a jihad to begin with, though jihadi forces did play a role and have since acquired prominence. Last is the aspect
of power asymmetry between the two states. Addressing this through realist logic meant that Pakistan ties down
Indian military power in manpower intensive counter insurgency operations. Th is strategy explains ‘K2’ (Khalistan
and Kashmir) referred to by Swami. Th is implies jihad has been more a strategic tool, rather than having any
autonomous reason to exist. It is for this reason that Pakistan continues to hedge in curbing terror originating from
its soil, despite the ‘blowback’ that it is currently experiencing. Take for instance the numbers of jihadis. Th e number
of foreign terrorists has seldom touched 60 per cent. Th eir motivations range from mercenary to youth escaping
anonymity and ennui in the stratifi ed Pakistani society. Witness the origins of Kasab. Even their handlers, though
espousing Islam for self interested reasons, cannot be oblivious to money and power. Swami’s neglect in bringing
out a more variegated picture indicates his scholarly instinct has been held hostage to his intelligence based sources.
Th e requirement of bringing new sources to light is important. Drawing sustainable conclusions is more so.
Th e important point that emerges indirectly from Swami’s work is that the Indian state has been responding
primarily to the element of jihad that is only one among the multiplicity of factors and not necessarily the most
signifi cant. Th is is evident from the importance intelligence experts have been accorded over the years in formulating
India’s policy with respect to Kashmir. Many are listed in Swami’s sources and some remain unnamed. Swami has
elsewhere informed us of the interface the ISI has had with RAW over Kashmir that did not lead anywhere in the
early nineties. Such contacts are in the air as of the writing of this review and in light of the competition between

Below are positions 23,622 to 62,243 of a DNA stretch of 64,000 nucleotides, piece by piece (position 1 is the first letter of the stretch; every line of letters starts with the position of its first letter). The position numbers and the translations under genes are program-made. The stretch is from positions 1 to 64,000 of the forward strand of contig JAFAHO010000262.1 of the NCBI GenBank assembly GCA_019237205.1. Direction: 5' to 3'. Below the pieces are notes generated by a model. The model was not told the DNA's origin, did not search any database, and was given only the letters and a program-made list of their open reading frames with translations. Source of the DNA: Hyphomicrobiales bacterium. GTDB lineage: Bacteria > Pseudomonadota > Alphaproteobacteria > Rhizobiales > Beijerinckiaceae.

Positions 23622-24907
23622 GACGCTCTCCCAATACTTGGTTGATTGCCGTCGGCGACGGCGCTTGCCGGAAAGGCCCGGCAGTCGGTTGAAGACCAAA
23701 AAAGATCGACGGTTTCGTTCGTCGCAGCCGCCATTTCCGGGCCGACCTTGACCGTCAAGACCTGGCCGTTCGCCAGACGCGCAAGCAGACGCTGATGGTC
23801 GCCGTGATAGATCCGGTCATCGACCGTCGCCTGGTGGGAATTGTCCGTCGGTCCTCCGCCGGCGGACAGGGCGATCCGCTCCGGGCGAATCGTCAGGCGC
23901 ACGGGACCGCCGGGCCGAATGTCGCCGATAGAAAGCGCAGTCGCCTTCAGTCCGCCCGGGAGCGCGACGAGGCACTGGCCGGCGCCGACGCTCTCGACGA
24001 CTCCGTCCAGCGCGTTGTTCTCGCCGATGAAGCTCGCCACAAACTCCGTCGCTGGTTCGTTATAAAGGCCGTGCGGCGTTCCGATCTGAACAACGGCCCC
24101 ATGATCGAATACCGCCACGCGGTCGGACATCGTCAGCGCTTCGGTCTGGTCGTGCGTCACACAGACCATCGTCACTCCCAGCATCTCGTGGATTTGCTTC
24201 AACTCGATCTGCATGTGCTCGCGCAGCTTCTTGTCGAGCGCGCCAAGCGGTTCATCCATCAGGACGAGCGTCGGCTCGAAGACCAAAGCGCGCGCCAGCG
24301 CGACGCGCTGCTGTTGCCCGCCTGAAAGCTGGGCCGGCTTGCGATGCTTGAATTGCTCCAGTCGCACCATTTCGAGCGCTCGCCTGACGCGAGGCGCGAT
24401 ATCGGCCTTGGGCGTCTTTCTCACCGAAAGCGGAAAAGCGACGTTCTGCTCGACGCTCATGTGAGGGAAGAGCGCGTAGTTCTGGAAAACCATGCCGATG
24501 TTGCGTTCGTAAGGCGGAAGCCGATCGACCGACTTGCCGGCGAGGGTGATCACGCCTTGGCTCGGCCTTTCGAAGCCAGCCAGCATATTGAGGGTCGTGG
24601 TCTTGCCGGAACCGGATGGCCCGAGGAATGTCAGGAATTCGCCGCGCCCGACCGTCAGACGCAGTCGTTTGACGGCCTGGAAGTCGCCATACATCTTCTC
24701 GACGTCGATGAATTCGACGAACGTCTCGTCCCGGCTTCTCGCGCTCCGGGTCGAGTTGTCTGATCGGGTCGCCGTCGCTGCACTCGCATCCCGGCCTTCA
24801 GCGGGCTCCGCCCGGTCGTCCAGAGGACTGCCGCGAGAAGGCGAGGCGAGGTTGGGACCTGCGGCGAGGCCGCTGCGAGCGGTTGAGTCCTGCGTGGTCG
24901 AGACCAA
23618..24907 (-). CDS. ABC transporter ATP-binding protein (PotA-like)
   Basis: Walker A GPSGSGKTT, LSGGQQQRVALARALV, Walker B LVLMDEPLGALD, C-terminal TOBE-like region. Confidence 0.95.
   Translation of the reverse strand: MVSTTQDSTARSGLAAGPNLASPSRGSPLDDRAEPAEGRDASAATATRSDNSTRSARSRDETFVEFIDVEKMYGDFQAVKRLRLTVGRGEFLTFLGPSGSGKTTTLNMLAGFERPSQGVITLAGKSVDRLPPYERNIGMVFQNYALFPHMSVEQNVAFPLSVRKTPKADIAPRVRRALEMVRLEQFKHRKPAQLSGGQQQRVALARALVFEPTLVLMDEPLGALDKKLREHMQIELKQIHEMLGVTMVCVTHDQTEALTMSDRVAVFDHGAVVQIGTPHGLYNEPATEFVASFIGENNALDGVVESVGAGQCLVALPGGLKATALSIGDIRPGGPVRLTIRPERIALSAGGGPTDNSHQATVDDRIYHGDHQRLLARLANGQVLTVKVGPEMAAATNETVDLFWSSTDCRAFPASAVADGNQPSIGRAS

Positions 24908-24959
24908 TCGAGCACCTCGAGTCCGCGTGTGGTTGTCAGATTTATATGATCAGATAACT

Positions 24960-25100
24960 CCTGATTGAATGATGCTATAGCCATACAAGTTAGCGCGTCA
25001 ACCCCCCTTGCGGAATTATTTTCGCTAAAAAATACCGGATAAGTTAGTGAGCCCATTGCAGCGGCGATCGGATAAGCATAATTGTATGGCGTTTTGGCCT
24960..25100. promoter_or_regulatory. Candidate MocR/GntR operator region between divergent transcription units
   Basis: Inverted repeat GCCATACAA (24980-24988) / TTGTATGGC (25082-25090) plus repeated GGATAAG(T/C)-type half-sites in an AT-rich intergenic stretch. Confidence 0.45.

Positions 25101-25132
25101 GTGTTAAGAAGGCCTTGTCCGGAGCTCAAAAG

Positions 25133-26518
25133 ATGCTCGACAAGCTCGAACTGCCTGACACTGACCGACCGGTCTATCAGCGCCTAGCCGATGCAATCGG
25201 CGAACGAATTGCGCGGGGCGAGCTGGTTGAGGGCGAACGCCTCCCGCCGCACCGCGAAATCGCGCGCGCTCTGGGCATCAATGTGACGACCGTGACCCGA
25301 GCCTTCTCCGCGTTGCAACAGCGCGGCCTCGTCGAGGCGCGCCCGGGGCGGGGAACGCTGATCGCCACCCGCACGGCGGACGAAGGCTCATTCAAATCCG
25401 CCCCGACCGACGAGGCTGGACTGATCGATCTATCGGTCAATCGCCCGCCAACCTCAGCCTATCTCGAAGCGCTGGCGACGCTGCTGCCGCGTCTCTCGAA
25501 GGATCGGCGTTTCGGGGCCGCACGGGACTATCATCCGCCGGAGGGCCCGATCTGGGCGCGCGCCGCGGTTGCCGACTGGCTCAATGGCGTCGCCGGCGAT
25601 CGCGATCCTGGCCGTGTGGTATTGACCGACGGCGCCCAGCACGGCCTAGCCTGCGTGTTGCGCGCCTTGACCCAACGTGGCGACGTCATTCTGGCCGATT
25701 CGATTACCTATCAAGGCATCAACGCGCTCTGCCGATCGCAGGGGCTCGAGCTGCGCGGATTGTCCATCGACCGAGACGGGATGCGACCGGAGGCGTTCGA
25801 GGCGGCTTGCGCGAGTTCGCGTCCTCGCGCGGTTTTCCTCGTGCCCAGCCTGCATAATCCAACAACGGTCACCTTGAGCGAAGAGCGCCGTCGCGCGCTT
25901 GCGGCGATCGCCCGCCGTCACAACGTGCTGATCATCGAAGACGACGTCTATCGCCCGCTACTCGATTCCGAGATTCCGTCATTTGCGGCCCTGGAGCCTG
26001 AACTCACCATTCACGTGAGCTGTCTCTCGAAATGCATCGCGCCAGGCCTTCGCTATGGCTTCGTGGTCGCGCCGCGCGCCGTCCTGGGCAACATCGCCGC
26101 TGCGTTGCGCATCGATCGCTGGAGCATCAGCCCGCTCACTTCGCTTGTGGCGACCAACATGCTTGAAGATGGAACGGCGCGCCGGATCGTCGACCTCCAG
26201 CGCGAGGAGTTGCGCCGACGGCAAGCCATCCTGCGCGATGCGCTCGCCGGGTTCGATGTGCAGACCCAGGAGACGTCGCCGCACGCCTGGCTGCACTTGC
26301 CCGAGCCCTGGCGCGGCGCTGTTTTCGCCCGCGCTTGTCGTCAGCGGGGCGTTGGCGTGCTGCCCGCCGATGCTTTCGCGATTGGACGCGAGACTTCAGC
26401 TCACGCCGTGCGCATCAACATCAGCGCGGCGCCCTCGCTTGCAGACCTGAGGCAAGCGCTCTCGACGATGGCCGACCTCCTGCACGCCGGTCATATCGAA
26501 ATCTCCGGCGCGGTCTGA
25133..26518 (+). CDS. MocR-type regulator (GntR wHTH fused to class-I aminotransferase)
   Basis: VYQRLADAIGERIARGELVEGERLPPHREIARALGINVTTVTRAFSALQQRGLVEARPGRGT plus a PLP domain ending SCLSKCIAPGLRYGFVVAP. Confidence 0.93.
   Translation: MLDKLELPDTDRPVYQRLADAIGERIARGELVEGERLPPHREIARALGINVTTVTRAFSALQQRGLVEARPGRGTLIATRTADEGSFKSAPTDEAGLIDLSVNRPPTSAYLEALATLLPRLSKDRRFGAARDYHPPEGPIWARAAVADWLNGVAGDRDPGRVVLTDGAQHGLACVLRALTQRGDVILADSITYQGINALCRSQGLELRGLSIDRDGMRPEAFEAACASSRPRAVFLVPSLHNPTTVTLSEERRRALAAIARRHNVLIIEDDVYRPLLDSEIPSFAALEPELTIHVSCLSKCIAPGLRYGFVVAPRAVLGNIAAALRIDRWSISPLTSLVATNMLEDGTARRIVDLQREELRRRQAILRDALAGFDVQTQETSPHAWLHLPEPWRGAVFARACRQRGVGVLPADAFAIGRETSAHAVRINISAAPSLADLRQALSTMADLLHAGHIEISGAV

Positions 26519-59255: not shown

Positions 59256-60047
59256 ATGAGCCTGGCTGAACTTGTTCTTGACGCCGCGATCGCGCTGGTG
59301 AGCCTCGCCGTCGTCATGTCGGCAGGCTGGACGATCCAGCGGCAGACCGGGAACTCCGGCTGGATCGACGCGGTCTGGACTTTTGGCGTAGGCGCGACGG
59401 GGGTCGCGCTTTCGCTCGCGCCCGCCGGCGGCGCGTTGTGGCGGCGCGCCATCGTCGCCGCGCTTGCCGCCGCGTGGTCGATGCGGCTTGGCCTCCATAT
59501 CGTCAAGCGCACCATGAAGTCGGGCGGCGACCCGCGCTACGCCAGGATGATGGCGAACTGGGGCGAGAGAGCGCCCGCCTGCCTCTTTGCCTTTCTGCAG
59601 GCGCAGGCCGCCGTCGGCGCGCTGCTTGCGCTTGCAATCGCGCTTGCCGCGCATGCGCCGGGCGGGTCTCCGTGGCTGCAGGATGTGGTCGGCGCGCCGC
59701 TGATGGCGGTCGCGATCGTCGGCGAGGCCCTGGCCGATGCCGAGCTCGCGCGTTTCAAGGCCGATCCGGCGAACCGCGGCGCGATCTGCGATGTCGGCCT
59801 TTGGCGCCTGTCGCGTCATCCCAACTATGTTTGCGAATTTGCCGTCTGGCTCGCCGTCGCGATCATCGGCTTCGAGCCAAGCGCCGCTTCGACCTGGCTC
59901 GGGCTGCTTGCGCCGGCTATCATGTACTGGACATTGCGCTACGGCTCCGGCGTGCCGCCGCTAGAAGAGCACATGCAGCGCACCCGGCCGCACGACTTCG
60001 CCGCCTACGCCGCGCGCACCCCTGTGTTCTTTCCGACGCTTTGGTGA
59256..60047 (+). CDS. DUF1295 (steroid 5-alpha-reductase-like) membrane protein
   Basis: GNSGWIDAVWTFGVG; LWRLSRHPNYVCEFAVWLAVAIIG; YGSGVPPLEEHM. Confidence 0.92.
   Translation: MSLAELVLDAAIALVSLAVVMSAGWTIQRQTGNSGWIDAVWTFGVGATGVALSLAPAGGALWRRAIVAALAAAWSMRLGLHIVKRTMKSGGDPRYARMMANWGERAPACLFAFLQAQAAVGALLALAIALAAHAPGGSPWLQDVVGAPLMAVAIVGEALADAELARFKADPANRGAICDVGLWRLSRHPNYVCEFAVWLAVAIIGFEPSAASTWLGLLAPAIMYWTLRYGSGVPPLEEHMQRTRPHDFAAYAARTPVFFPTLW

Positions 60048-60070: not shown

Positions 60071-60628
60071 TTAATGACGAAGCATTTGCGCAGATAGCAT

the two state agencies, are bound to lead nowhere. Th is calls for a political approach and political control. Th at such
a strategy will not be forthcoming owes to policy space conceded to the intelligence community, strengthened in
the wake of Kargil with the addition of new structures. Th e pathology is well understood in the case of Pakistan;
however, as has been amply brought out by Swami, the intelligence input, that has queered India’s policy response,
awaits a book length treatment. It is perhaps one reason why India has not been able to bring the problem to
a closure through political means. Having misinterpreted the Kashmir problem as a jihadi covert war alone,
it has understandably not wanted to appease such forces. Th e political working group established as a result of the
Prime Minister’s Round Tables exercise in the middle of this decade did not even submit a report. Th e governance
initiatives that have been taken are arguably not enough.
An accurate interpretation of the Kashmir problem has been held hostage to many factors that include inadequate
intelligence analysis. Others include the zero sum contestation with Pakistan. Since acceding to legitimate grievances
in Kashmir would be taken as a Pakistani ‘victory’, India stays its hand in turning the rhetoric of ‘sky is the limit’
and ‘hand of friendship’ to reality. Th e ascendance of the conservative end of the spectrum and cultural nationalism
in India over the nineties has also infl uenced the government’s position. Th e hard line is, therefore, inescapable.
Analysis such as that of the credible Praveen Swami only serves to further prevent the necessary initiatives. Th us,
338 India Quarterly 65, 3 (2009): 329–343
Kashmir remains on the boil. Th is serves Pakistani interests. Indian interests are not served since Kashmiris are
Indian citizens and secondly, continuing instability gives Pakistan a handle. Lastly, it energises forces that Swami
describes as Jihadi at the expense of other motives that boost these such as ethnicity, historical grievance and
freedom from counter-insurgent pressures.
With the corresponding covert war from the Indian side, not only in Kashmir but also in Pakistan, not
being covered, Indian intransigence is only superfi cially understandable. In case these are to be factored in, what
emerges is a duet between two contending intelligence agencies, virtually autonomous of political control. While
in Pakistan the ISI can be expected to be granted a blank cheque by the military.I In India, there appears to be
a defi cit of political and parliamentary control. Th is is a telling comment on India’s democratic good health.
Swami unintentionally opens up a pandora’s box that it would behove political decision makers to introspectively
address in the North Block and 7, Race Course Road.
Research Fellow Ali Ahmed